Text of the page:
Regarding the first, we are reminded of the revival of the "Packard Bell" mark. It was first used in 1926 in connection with radio products and later expanded into defense contracting work as well as other consumer electronic products, most notably television sets. In the 1980's, the mark was purchased by a group of investors for use in a newly formed personal computer manufacturing company. The latter company plus mark was sold to Acer in 2008. Presumably, at the time of acquisition in the 1980's, the investors were convinced that there was sufficient goodwill in the mark, and that this goodwill could be extended into a new product category, that made its acquisition an attractive alternative to building a new brand from scratch.
Regarding the second, the iconic corporate slogan of Avis Rental Cars--"We Try Harder", springs immediately to mind. The slogan was first adopted by the company in 1962 and conveyed the dual message that while the company was certainly a respectable number two to the industry leader, The Hertz Corporation, it would not rest on its laurels and was committed to out- hustling its principal competitor. (This promise may be put to a severe test. According to Wikipedia, "the company primarily leases General Motors (GM) vehicles, such as Chevrolet, Pontiac and Saturn within the United States, though some locations feature other popular non-GM brands, such as Huyndai or Kai.")
It is difficult enough to succeed either in reviving a moribund brand or turning a marketing disadvantage into an advantage. An attempt to do both simultaneously must certainly pose even a greater challenge. An instance where it did succeed was recounted in the November 14th issue of The Economist. The article, entitled "Salesman of the Irrational", described the fascinating success of Jean-Claude Biver in successfully reviving three Swiss watch brands ("Blancpain"; "Omega"; and "Hublot") over nearly a 30-year period. The strategy that he employed regarding each of these brands was different, and we wish to focus on his success in connection with the "Blancpain" brand.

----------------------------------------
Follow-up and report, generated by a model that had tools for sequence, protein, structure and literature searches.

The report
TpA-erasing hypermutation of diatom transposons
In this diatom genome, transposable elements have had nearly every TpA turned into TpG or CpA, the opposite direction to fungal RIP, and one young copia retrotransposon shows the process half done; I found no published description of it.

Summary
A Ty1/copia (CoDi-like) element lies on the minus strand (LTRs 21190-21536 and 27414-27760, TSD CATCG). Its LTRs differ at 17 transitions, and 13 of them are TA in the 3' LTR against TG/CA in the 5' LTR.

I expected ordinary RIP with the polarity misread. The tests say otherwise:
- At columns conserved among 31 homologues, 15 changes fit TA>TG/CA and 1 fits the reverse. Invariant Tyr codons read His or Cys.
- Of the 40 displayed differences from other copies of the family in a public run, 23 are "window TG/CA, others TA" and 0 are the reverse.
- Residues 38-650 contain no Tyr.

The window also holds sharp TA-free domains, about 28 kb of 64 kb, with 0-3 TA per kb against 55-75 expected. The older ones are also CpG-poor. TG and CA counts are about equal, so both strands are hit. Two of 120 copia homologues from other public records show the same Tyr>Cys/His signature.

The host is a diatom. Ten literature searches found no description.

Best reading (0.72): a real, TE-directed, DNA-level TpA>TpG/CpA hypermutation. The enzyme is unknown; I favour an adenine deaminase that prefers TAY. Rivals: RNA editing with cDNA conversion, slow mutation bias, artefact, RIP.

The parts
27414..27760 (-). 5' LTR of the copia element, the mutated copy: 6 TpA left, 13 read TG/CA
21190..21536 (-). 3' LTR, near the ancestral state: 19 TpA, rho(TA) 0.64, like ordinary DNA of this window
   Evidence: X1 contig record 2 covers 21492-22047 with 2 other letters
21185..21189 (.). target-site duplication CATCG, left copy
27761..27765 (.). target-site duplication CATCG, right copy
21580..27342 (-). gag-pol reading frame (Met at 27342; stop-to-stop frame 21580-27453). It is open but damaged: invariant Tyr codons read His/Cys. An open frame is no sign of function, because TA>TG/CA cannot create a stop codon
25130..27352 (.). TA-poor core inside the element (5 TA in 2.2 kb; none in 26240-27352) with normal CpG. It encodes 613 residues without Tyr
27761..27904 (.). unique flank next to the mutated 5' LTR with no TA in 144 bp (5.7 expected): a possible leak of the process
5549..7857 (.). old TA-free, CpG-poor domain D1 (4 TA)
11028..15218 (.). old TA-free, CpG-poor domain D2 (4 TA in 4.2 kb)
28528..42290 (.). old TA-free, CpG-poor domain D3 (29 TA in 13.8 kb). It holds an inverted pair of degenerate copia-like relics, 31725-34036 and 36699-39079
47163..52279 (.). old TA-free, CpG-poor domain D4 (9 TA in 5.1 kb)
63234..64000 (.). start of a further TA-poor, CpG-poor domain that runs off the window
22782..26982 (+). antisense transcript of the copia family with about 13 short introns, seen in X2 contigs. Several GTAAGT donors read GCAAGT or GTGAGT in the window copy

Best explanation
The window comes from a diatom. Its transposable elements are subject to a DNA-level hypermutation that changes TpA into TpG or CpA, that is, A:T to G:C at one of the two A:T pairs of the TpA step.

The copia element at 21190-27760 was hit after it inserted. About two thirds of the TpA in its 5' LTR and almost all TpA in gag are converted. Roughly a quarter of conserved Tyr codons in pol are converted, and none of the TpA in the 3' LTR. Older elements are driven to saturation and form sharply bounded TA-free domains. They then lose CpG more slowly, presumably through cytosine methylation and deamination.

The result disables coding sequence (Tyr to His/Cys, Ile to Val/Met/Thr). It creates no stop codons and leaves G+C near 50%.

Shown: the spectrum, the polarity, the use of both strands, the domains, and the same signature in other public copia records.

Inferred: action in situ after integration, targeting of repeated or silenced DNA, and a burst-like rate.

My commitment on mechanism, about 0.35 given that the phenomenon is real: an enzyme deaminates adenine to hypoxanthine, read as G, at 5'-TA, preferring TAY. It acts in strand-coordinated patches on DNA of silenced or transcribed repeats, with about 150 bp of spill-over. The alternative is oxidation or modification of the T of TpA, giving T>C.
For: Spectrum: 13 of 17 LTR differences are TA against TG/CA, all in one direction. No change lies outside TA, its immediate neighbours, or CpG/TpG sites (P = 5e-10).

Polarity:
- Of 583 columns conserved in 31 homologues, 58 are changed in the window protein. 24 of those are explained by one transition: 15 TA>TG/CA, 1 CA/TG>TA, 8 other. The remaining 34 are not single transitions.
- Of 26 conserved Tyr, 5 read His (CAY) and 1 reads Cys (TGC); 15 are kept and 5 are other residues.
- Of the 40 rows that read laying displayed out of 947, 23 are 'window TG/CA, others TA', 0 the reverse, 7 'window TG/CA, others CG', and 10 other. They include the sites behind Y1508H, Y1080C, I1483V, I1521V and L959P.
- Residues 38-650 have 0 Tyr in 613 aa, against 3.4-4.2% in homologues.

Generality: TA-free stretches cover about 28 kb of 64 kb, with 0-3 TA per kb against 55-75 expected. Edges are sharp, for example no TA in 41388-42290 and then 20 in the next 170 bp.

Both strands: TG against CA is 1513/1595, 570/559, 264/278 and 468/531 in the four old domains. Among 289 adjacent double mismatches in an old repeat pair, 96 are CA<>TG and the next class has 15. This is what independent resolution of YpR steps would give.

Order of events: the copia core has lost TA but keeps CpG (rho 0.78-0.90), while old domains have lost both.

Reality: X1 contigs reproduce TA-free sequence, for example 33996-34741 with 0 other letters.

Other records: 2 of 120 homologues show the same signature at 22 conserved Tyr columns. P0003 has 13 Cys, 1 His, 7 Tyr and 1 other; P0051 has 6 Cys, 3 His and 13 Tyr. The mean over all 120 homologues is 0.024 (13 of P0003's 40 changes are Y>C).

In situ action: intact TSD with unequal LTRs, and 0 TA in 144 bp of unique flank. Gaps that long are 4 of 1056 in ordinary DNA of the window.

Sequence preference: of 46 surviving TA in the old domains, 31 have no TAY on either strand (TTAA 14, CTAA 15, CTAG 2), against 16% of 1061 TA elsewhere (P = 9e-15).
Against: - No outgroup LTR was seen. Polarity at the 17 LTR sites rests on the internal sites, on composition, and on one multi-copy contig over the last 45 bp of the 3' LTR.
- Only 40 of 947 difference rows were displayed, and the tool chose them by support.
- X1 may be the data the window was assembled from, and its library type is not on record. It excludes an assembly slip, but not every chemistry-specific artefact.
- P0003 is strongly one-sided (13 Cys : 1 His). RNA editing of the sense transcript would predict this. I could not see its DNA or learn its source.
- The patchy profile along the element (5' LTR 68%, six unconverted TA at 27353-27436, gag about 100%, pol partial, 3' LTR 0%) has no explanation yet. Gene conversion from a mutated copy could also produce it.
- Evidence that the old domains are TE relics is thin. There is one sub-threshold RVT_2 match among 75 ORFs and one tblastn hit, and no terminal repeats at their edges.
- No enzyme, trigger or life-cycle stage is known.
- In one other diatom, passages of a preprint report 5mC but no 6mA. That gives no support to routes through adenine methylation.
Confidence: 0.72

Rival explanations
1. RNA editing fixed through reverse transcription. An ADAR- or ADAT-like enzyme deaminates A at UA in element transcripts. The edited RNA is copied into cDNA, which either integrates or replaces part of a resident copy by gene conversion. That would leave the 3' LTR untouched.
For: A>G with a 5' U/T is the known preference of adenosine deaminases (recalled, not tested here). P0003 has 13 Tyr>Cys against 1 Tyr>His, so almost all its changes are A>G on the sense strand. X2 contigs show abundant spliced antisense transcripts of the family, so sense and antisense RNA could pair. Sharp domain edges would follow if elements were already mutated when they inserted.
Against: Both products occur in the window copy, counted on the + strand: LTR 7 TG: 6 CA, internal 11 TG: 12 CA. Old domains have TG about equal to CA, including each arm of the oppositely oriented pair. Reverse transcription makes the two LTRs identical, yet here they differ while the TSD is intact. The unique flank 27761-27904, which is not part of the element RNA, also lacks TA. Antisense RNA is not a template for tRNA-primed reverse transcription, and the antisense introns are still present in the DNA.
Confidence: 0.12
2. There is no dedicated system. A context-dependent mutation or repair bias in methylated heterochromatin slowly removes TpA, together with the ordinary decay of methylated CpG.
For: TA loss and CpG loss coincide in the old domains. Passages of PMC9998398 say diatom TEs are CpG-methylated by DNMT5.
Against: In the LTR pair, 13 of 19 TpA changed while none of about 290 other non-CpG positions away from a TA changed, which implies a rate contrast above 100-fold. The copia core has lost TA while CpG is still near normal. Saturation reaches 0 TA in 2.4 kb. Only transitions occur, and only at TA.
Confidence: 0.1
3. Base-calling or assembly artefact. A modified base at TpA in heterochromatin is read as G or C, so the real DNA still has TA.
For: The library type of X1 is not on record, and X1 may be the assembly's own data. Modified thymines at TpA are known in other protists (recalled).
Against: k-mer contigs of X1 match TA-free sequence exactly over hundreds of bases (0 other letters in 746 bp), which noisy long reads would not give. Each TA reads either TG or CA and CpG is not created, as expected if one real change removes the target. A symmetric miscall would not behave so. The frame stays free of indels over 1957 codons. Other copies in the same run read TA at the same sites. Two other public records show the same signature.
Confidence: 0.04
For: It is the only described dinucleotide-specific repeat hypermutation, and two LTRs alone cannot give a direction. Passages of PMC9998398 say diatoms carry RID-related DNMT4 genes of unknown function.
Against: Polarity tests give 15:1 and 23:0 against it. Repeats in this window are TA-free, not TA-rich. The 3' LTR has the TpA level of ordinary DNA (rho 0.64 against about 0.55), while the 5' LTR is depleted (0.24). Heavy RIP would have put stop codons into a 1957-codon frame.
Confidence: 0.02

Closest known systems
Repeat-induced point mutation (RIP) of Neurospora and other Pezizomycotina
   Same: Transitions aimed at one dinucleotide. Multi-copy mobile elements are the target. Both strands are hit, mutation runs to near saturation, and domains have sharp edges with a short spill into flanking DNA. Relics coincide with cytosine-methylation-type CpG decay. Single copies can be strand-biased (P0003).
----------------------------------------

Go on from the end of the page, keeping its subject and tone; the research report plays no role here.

In 1981, Mr. Biver and a friend bought the rights to the "Blancpain" mark for what seems to be the sum of SF22,000. The mark had been used by a Swiss watch company which, among other things, had once supplied watches to the US navy. The company, however, had effectively gone out of business in the 1970's. What attracted Mr. Biver to the brand? According to the article, there were two things: First, the defunct company had claimed to be Switzerland's oldest watch manufacturer; second, the company had completely missed out on the technological revolution from mechanical watches to quartz timepieces operated by a battery.
Mr. Biver parlayed these two factors into the slogan--"Since 1735 there has never been a quartz Blancpain watch. And there never will be." To appreciate the audacity of the message, consider that at the time, digital watches being manufactured in Asia were selling for $20, a fraction of the price being charged for a Swiss watch. I remember to this day the spate of publication of articles eulogizing the end of the Swiss watch industry.
Mr. Biver bet that the message of tradition, which could be seen as the antithesis to technological progress and cutting-edge prowess, would ultimately carry the day. He was right. As the article mentions, "[i]t turned out to be an industry-changing move. Last year mechanical watches accounted for 70% of the value of Swiss watch exports." The "Blancpain" mark, which had been left for dead, succeeded in reestablishing itself as a respectable and viable brand.